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Anne of Denmark (Danish: Anna; 12 December 1574 – 2 March 1619) was Queen consort of Scotland, England, and Ireland by marriage to King James VI and I. The second daughter of King Frederick II of Denmark, Anne married James in 1589 at age 15 and bore him three children who survived infancy, including the future Charles I. She demonstrated an independent streak and a willingness to use factional Scottish politics in her conflicts with James over the custody of Prince Henry and his treatment of her friend Beatrix Ruthven. Anne appears to have loved James at first, but the couple gradually drifted and eventually lived apart, though mutual respect and a degree of affection survived.

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  • Anne of Denmark (Danish: Anna; 12 December 1574 – 2 March 1619) was Queen consort of Scotland, England, and Ireland by marriage to King James VI and I. The second daughter of King Frederick II of Denmark, Anne married James in 1589 at age 15 and bore him three children who survived infancy, including the future Charles I. She demonstrated an independent streak and a willingness to use factional Scottish politics in her conflicts with James over the custody of Prince Henry and his treatment of her friend Beatrix Ruthven. Anne appears to have loved James at first, but the couple gradually drifted and eventually lived apart, though mutual respect and a degree of affection survived.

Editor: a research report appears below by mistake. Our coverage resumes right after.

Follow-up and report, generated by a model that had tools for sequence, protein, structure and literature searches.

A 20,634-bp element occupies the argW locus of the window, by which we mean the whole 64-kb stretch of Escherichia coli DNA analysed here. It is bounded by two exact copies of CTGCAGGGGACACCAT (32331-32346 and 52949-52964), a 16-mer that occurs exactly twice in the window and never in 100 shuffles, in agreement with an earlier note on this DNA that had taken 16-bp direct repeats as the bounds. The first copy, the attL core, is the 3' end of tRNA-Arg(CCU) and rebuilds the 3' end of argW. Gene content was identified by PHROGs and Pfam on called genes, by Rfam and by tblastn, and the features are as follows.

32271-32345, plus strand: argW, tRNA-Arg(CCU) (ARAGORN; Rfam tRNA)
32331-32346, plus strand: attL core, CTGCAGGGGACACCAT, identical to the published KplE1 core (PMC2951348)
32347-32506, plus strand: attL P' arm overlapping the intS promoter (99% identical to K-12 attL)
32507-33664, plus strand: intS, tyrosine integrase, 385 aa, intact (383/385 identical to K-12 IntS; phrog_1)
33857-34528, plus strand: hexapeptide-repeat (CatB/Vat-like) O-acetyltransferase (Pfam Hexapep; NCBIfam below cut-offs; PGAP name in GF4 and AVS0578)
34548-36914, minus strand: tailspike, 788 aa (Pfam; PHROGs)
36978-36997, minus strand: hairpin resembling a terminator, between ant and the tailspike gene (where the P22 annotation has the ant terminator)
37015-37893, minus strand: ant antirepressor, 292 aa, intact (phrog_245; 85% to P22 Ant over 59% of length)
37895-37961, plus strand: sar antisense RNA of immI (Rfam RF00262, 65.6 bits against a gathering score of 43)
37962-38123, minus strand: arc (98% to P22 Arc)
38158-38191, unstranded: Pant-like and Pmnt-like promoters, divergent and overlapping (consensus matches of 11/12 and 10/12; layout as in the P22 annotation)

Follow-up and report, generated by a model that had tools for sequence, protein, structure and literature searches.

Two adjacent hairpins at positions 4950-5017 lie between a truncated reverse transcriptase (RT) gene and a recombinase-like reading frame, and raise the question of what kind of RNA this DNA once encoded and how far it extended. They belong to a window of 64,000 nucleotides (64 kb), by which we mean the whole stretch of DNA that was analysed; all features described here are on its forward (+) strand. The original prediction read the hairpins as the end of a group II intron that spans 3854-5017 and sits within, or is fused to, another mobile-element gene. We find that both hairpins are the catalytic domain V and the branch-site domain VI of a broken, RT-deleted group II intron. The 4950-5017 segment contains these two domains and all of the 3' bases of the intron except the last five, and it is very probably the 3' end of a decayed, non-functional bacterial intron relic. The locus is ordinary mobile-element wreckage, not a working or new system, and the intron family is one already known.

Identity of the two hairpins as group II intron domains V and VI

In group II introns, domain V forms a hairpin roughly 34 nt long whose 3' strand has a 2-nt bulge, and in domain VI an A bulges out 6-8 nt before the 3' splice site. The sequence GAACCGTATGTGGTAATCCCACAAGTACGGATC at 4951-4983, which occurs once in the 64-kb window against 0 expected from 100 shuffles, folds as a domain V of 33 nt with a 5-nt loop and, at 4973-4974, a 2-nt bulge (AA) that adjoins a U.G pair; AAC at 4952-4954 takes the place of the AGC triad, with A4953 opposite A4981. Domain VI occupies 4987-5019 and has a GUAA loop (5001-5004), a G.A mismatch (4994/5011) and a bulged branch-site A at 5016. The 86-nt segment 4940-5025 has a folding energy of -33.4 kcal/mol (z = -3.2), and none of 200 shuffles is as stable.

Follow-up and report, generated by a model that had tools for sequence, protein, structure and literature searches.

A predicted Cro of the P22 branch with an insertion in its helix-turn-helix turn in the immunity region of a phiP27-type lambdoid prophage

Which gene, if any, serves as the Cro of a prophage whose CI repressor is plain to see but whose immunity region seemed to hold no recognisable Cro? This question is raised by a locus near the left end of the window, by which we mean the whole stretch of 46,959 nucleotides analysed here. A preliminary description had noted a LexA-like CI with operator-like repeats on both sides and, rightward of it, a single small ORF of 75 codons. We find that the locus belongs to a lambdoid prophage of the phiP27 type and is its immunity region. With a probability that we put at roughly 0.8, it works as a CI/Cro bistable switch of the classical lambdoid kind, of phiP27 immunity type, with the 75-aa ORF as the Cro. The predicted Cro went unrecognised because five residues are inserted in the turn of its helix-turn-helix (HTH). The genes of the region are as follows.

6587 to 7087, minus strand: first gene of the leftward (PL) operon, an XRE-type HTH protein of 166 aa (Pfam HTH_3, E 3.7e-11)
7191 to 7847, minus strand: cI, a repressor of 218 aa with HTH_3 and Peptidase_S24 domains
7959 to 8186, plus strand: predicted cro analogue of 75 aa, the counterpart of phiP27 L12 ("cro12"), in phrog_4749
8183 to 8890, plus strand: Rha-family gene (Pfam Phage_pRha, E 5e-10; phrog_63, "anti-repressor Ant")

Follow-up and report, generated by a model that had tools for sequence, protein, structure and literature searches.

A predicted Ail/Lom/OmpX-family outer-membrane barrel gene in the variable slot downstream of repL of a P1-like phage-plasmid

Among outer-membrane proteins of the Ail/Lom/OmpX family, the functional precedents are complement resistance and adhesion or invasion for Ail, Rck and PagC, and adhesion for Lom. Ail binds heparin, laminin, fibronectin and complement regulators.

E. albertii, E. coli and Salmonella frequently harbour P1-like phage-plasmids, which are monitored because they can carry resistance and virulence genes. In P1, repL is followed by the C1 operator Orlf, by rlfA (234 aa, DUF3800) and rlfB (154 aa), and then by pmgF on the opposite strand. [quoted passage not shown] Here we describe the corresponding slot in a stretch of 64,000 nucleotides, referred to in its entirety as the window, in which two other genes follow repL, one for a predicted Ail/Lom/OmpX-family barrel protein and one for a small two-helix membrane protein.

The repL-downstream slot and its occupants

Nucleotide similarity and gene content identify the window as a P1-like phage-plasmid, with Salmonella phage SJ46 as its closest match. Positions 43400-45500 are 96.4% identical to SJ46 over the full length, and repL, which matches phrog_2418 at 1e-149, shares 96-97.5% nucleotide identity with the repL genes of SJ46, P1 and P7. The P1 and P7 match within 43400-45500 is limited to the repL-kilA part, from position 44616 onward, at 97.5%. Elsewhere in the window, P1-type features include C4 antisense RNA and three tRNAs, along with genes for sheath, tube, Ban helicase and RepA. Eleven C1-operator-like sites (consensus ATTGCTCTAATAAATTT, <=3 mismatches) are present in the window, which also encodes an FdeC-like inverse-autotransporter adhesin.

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  • Anne of Denmark
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  • Anne of Denmark (Danish: Anna; 12 December 1574 – 2 March 1619) was Queen consort of Scotland, England, and Ireland by marriage to King James VI and I. The second daughter of King Frederick II of Denmark, Anne married James in 1589 at age 15 and bore him three children who survived infancy, including the future Charles I. She demonstrated an independent streak and a willingness to use factional Scottish politics in her conflicts with James over the custody of Prince Henry and his treatment of her friend Beatrix Ruthven. Anne appears to have loved James at first, but the couple gradually drifted and eventually lived apart, though mutual respect and a degree of affection survived. In England, Anne shifted her energies from factional politics to patronage of the arts and constructed her own magnificent court, hosting one of the richest cultural salons in Europe. After 1612, she suffered sustained bouts of ill health and gradually withdrew from the centre of court life. Though she was reported to have been a Protestant at the time of her death, evidence suggests that she may have converted to Catholicism at some point in her life. Historians have traditionally dismissed Anne as a lightweight queen, frivolous and self-indulgent. However, recent reappraisals acknowledge Anne's assertive independence and, in particular, her dynamic significance as a patron of the arts during the Jacobean age.
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